The Vision of Toshiyuki Inoko, a Founder of teamLab


WordsNaoko Aono

What exactly is teamLab, known as an art collective? To find out, we interviewed its founder and chief representative, Toshiyuki Inoko, about the background behind and the goals of the production of the group’s unique artworks.

Toshiyuki Inoko, founder and chief representative of teamLab. The workshop, having become quite cramped and overcrowded owing to the increase in staff and equipment, has been relocated to new office. ©Seiichi Saito

It has now been seventeen years since teamLab was first set up in 2001. Since that time, Toshiyuki Inoko has raced forward without slackening his pace. Displaying artworks not just in ordinary art museums but also in a variety of other venues, teamLab staged the large-scale ‘teamLab Dance! Art Exhibition and Learn and Play! teamLab Future Park’ in the National Museum of Emerging Science and Innovation (Miraikan) located in Tokyo’s Odaiba area in 2014, later putting on the ‘DMM.PLANETS Art by teamLab’ exhibition in the same area in 2016. The group has garnered a lot of attention both in Japan and abroad.

Perhaps the epitome of those efforts is the MORI Building DIGITAL ART MUSEUM: teamLab Borderless exhibition (described as ‘teamLab Borderless’ below) that recently opened in Odaiba on 21 June 2018. ‘I want to make something that will be looked back upon as ‘epoch-making’ one or two decades from now’, says Inoko enthusiastically about the project, itself a kind of giant artwork stretching across a space of ten thousand square metres (almost 108,000 square feet). On the eve of its opening, we asked Inoko about the museum and teamLab’s creative activities.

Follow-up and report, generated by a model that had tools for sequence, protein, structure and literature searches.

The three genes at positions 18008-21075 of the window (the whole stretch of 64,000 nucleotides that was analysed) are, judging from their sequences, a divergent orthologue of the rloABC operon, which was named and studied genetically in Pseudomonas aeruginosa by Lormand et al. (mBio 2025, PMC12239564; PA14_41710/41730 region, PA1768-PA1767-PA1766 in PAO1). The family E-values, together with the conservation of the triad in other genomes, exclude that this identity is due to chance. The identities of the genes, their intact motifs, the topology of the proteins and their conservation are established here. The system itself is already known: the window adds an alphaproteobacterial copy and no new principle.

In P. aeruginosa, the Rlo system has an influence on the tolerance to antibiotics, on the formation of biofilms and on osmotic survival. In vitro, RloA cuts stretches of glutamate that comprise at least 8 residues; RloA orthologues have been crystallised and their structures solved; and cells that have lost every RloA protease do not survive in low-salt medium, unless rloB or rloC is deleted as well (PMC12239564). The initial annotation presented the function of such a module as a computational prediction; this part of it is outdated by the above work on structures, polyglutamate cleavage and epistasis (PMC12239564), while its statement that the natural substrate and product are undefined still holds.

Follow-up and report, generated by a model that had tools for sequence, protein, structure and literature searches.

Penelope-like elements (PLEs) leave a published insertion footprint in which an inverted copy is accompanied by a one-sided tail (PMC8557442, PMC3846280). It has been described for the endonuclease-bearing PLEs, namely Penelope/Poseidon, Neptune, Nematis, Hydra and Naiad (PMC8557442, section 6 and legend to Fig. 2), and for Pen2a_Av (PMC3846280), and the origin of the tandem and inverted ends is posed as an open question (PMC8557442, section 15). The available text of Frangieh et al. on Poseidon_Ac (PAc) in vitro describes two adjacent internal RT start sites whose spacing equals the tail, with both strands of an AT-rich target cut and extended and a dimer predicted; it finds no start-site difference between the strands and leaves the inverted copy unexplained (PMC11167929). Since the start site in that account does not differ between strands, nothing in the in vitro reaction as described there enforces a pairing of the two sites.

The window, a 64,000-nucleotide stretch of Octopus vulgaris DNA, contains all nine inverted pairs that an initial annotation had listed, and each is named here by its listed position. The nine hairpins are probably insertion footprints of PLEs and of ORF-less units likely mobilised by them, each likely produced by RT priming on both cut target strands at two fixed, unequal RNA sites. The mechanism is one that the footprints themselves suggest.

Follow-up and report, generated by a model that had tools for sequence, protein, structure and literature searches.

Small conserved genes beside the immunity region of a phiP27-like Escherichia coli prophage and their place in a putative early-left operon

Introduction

MORI Building DIGITAL ART MUSEUM: teamLab Borderless, 2018, Tokyo, Japan © teamLab

Artworks that Move and Intermingle with Visitors As Well As Other Artworks, Creating a Borderless Art Space.

MORI Building DIGITAL ART MUSEUM: teamLab Borderless, 2018, Tokyo, Japan © teamLab

Inoko says, ‘As the word ‘Borderless’ in the exhibition’s name implies, this is a museum without borders’. Indeed, erasing borders has been a key theme of teamLab’s that is not limited to the current project.